It said the WHO, Unicef and other vaccine suppliers had already reported severe difficulties in maintaining their planned vaccine programmes during the Covid-19 crisis, due in part to limited air connectivity.
“If borders remain closed, travel curtailed, fleets grounded and employees furloughed, the capacity to deliver life-saving vaccines will be very much compromised,” said IATA’s director general and CEO, Alexandre de Juniac.
According to IATA figures, about 25 per cent of all vaccines are rendered unusable in the shipping process, mainly due to problems after they arrive at airports, regulations at different ports and glitches during transportation to the final destination.
The shipment of a product coveted by almost everyone on the planet could also attract criminals. As vaccines will be delivered in hermetically sealed packages and not opened for inspections, the possibility of fake products arises.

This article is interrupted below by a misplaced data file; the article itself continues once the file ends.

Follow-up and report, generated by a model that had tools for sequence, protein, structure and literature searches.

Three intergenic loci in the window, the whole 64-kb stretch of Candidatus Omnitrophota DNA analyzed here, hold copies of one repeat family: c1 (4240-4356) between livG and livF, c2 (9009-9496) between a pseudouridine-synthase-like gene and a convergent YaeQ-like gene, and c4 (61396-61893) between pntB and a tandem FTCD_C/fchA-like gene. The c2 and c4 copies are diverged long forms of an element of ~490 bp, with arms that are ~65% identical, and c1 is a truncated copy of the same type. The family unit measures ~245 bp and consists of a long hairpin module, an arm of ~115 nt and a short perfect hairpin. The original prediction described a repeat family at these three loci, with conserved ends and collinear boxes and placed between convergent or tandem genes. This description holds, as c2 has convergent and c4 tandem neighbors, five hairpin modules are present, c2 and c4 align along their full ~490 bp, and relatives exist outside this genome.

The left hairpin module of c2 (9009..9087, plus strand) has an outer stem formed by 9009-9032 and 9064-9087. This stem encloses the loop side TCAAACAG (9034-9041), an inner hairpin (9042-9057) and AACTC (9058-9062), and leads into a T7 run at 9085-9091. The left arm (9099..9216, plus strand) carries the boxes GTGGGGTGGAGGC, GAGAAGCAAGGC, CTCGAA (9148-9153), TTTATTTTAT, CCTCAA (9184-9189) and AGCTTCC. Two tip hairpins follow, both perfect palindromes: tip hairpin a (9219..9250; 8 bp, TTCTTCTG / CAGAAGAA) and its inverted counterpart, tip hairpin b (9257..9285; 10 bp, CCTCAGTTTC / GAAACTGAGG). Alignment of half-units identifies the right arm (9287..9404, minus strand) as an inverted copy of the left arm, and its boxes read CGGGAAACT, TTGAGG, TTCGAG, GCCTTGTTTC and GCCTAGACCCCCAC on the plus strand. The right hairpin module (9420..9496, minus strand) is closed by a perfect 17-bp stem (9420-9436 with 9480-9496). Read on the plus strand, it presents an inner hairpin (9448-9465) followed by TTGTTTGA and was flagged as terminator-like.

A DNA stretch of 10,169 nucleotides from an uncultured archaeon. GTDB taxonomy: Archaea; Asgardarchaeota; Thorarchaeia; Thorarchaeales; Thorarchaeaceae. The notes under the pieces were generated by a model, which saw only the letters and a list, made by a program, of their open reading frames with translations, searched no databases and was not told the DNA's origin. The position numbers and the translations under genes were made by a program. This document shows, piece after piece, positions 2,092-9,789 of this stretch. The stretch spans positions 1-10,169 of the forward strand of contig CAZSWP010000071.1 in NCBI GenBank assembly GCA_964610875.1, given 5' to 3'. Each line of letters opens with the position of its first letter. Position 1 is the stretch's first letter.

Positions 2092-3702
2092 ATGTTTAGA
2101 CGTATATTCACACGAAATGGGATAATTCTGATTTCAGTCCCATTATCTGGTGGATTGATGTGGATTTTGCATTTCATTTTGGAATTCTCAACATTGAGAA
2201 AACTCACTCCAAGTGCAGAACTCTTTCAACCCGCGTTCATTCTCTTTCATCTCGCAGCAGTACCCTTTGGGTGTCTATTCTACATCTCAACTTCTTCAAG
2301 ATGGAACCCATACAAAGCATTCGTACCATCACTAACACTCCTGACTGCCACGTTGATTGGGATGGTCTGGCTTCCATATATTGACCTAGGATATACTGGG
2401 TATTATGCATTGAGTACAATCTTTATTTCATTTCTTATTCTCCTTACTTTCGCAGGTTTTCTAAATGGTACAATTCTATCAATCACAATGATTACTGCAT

Even if all these odds are overcome and millions of doses of vaccine are delivered, the whole exercise may need to be repeated in a few weeks because some of them require two shots within a specified time.
No wonder UPS termed it “an inoculation effort on a scale the human race has never before attempted.”
Given the time needed to mass-produce vaccines and organise transport across the world, hopes of a quick end to the pandemic seem somewhat optimistic. Facemasks and social distancing are likely to continue well into the next year.
In 2020 the world saw a race to develop a vaccine against Covid-19. The next year will see a race to deliver vaccines to billions of people – making 2021 the year of logistics.
Hari Kumar has been a Hong Kong-based journalist since 2003.